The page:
Module 3

  1. Ester
    • Formed from reaction of acid and alcohol
    • Found in fats, oils, also nerve chemical acetylcholine
  2. Hydroxyl
    • same as in bases
    • found in alcohols and sugars
    • makes organic molecules water-soluble
  3. Carboxyl
    • organic acid (H+ easily donated)
    • also written ---COOH
    • usually charged (ie. ---COO-) at cellular pH
  4. Amino
    • acts as base
    • binds H+to form ---NH3+ at cellular pH
    • amino + carboxyl in same molecule is an amino acid
  5. Phosphate
    found in energy-storing molecules and in nucleic acids (DNA, RNA)
  6. Carbonyl
    • carbon and oxygen in double covalent bond
    • found in ketones, formed when fats are broken down
    • water-loving groups
  7. Sulfhydryl
    • like Hydroxyl, but sulfur + hydrogen
    • important in protein structure
  8. Carboxyl
    • organic acid (H+ easily donated)
    • Also written ---COOH
    • usually charged (ie ---COO-) at cellular pH
  9. Define Organic Molecules
    are those that contain carbon.  More complex than inorganic molecules.  Generally, larger than inorganic molecules.
  10. Examples of Organic Molecules
    • Carbohydrates
    • Lipids
    • Proteins
    • Nucleic Acids (DNA, RNA)
    • Adenosine Triphosphate (ATP)
  11. Define Isomer
    When molecules have the same number of atoms of each element, but different arrangements.
  12. An isomer are uncommon outside of
    Carbon-based compounds, but common in compunds that contain carbon.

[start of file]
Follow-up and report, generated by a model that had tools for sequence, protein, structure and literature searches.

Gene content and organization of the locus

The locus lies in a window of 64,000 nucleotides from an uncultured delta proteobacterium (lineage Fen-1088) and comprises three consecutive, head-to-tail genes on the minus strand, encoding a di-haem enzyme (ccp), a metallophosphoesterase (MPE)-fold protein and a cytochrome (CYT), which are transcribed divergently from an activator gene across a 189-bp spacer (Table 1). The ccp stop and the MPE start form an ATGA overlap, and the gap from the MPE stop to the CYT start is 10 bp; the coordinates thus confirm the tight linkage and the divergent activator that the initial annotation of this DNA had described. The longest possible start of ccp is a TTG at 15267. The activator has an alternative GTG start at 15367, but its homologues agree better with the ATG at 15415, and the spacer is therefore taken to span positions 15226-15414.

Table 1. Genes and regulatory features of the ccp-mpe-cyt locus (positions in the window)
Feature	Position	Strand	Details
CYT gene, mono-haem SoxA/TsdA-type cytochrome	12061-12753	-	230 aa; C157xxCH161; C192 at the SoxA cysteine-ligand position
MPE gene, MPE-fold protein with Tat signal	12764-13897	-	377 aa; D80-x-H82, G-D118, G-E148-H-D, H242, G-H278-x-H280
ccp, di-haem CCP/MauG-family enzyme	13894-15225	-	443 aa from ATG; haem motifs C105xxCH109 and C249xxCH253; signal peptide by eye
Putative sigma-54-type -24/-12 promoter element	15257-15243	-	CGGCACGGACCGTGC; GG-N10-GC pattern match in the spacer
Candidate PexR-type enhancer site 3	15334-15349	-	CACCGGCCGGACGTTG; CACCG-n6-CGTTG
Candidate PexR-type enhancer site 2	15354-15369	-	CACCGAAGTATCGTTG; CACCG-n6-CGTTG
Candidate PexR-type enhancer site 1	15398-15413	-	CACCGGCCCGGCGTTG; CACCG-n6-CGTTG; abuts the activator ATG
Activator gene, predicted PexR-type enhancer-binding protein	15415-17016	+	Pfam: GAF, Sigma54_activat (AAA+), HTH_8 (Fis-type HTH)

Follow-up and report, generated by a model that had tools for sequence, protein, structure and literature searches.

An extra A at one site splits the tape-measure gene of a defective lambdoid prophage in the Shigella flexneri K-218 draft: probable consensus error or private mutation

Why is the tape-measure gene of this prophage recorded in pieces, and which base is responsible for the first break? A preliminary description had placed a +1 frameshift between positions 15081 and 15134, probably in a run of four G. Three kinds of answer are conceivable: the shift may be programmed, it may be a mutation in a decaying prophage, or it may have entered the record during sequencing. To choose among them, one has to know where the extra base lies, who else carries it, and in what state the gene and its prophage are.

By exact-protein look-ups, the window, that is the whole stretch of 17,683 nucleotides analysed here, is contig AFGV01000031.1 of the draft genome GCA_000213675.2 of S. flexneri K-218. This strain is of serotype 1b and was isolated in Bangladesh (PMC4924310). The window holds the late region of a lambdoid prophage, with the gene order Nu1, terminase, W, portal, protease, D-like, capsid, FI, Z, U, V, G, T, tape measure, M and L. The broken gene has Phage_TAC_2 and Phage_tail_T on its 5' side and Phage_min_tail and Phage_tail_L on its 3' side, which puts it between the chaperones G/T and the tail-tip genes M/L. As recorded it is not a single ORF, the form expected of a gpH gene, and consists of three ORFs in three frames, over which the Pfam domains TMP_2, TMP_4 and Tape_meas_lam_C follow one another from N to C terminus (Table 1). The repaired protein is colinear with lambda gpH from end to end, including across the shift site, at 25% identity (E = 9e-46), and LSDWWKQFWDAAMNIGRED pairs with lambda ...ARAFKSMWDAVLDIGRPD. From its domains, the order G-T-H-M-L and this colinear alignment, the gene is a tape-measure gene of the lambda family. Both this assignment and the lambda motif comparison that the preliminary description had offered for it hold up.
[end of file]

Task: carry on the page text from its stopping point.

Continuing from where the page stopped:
13. What are the four main kinds of biological molecules.
    • Carbohydrates (sugars)
    • Lipids (fats)
    • Proteins
    • Nucleic Acids
  14. Carbohydrates
    • Watered carbon.
    • Always one carbon plus one water (H2O): formula CxH2xOx
  15. Lipids (fats)
    More carbon than oxygen; repel water (hydrophobic)
  16. Proteins (made up of amino acid)
    Amino acids always contain carbon, hydrogen, oxygen and nitrogen.

    Some amino acids contain sulfur
  17. Nucleic Acids
    • Sugar "backbone" plus nitrogenous base
    •         Nitrogenous base with one or two rings.
    •               One-ring pyrimidines (uracil, thymine, cytosine)
    •               Two-ring purines (adenine, guanine) 
    • Deoxyribose backbone: deoxyribonucleic acid (DNA)
    • Ribose backbone: ribonucleic acid (RNA)
  18. Define Monomer
    are single units
  19. A carbohydrate monomer is a simple sugar (monosaccharide) such as
  20. A protein monomer is an
    amino acid
  21. a nucleic acid monomer is a
  22. Define Polymer
    When monomers are bound together in a string or branched structure.
  23. Polymers of carbohydrates include many
    sugars, starches, and glycogen.
  24. Polymers of amino acids are
    polypeptides and proteins.
  25. Polymers of nucleotides are the
    deoxyribonucleic acid (DNA) and ribonucleic acid (RNA) molecules.
  26. Define Carbohydrate
    • Five or six carbons
    • Always carbon + water
    • Form ring structures by linking carbons 1 and 5 through an O
  27. Sugars form
  28. Carbohydrates such as glucose often form
    ring structures with themselves.
  29. Define dehydration synthesis
    When two or more carbohydrate molecules are strung together this way, the series of dehydrations results in a carbohydrate polymer.
  30. A final shorthand way of representing carbohydrates is to
    drop the C atoms altogether. This is because carbons always form four bonds, so any time we see four lines converging on a point, we assume that point contains a C atom.
Card Set
Module 3